She adds, "So, I think both of those things are continuing to keep Ultrashort Funds in favor. In addition, when you look at our own Ultrashort products, they are [in] the very short-end of the spectrum.... If you look at money market funds prior to the last two re-writes of Rule 2a-7, the Ultrashort Funds look a lot like those did then, which were constant NAV product. Now, obviously, they are mark-to-market products that they are not constant NAV. But their movement has been not huge, and the spread over the cash and liquidity products has been substantial enough to keep customers comfortable [with] a good portion of their strategy [or] liquidity bucket positions."

Federated was also asked about "rate sensitivity and money fund customer behavior," and whether they are seeing retail money move from banks to funds. Cunningham answers, "Yes, we're starting to see faster growth. Let me [qualify that] by saying we are starting to see faster growth in funds than in the deposit market. So, if you looked at most recent statistics, the deposit market grew through I think it was February 2018 over the last year at a pace of 2.8%. The fund industry, the money market fund industry to a seven funds grew 6.5%.... The money fund dollars are [still] smaller because it is half of $2.6 trillion base versus half of $10 trillion base for the deposit market. Nonetheless, the percentage growth is finally in the favor of the funds. Specifically, from our own clients' perspective, we are seeing retail customers back into those products and out of deposit products, some into the government funds."

She adds, "Usually, the first quarter [sees] a very large outflow quarter from an industry standpoint, and although it was down some, it was not a huge amount this first quarter, compared to others. But the institutional prime sector is actually the fastest-growing sector.... So, rather than going into the direct market at this point it seems to be taking the path of going into that prime institutional market."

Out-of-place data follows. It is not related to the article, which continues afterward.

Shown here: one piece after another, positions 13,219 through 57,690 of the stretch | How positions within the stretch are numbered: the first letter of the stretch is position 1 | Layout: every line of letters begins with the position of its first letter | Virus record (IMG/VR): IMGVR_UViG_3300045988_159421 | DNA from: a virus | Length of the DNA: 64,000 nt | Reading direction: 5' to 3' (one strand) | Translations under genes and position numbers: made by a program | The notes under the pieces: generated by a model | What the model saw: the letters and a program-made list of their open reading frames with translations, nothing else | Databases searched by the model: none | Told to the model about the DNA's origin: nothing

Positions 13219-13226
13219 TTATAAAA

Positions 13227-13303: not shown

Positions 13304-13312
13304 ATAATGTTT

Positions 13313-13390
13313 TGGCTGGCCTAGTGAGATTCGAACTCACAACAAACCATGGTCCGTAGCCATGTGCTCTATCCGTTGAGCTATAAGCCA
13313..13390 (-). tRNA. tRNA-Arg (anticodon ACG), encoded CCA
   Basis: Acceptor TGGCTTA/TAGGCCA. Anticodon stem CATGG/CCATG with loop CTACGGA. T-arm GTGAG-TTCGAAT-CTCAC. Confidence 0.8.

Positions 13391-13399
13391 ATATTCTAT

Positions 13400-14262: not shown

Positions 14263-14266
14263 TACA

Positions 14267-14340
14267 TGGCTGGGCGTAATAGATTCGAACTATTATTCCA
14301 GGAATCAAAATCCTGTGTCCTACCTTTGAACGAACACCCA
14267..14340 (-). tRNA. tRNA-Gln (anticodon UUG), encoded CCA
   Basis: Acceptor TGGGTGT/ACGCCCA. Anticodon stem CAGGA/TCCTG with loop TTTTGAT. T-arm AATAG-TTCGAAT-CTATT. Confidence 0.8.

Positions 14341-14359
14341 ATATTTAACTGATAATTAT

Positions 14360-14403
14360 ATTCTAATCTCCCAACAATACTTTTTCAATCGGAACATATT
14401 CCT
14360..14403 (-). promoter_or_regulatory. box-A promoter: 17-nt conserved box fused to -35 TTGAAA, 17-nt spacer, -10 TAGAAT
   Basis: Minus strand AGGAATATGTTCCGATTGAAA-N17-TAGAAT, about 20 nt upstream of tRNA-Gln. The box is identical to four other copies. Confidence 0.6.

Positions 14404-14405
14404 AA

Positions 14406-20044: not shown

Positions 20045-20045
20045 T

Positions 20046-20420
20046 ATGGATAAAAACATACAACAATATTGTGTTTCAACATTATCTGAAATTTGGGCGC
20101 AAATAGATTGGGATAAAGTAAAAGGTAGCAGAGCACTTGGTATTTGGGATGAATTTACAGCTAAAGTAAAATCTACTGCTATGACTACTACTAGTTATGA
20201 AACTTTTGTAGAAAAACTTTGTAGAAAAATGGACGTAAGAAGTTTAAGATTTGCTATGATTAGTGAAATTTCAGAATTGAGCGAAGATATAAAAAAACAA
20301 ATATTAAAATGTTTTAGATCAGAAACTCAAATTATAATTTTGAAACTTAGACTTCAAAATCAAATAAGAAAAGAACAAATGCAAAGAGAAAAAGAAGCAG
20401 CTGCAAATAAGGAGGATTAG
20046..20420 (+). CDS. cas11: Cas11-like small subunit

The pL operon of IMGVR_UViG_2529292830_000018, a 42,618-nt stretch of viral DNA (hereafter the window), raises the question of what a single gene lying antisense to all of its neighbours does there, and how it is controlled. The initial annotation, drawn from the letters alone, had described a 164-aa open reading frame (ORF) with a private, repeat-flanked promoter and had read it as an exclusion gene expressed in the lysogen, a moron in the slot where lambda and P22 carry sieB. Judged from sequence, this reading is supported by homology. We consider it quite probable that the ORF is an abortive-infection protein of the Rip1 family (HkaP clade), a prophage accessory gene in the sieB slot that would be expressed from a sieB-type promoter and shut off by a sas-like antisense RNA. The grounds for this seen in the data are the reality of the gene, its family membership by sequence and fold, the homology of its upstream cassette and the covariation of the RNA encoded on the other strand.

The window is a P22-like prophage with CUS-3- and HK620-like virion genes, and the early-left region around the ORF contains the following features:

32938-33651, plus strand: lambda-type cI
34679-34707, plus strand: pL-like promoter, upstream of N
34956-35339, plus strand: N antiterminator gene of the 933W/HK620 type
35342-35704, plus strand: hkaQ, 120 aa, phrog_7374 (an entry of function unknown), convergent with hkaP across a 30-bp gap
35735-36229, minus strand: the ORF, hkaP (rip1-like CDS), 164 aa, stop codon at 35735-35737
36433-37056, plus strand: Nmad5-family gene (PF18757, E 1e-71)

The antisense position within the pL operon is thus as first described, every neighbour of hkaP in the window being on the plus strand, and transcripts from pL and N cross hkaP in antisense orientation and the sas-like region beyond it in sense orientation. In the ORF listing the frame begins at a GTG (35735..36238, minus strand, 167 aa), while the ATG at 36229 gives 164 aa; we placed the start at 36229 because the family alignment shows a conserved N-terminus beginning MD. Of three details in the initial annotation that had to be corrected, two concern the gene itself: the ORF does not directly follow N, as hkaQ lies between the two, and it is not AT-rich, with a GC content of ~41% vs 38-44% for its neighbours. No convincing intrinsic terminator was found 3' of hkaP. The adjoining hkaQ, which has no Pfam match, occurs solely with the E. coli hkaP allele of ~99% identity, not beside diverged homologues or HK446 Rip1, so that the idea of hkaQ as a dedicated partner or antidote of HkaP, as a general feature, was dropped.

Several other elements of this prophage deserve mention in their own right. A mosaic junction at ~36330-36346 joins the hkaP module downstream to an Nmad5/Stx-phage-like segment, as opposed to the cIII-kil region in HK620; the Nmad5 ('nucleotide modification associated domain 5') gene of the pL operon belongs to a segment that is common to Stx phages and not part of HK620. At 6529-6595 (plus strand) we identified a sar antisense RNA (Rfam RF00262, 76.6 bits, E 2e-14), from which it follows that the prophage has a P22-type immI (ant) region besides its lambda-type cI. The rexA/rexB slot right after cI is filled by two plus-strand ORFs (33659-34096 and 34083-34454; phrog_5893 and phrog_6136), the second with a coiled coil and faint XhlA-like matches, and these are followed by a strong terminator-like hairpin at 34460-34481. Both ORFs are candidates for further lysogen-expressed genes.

They were also asked about repatriation flows. Chris Donahue tells us, "Right out of the box we had several large clients that make deposits of meaningful amounts. So, we've seen some of it already." But Cunningham adds, "To date I would characterize it as being very short lived. So, what Chris is referencing, certain companies [had] large blocks coming in and remaining for a short period of time and going back out. Presumably those were firms that sort of had a hint as to what was going to happen from a repatriation perspective and knew ... how they were going to use that cash once it came back into the U.S., whether they were paying a special dividend, buying back stock [etc.]. They had a specific use for that cash and it sat in liquidity products, money market funds for a short period of time only."

She continues, "In speaking with clients that have not confirmed any amounts from a repatriation perspective but have every intention of doing so, it seems as though there is quite a lot on the table for reviewing just exactly how they do want to use it, whether it is better off staying where it is for some portion of it, whether they need it for a certain purpose, or whether it can be used more for general balance sheet purposes once it's back in the U.S. I think ... at least 80% of [companies] that could potentially be impacted by repatriation are still in that mode at this point." (Note: Federated also files its latest "10-Q Quarterly Report" with the SEC on Friday.)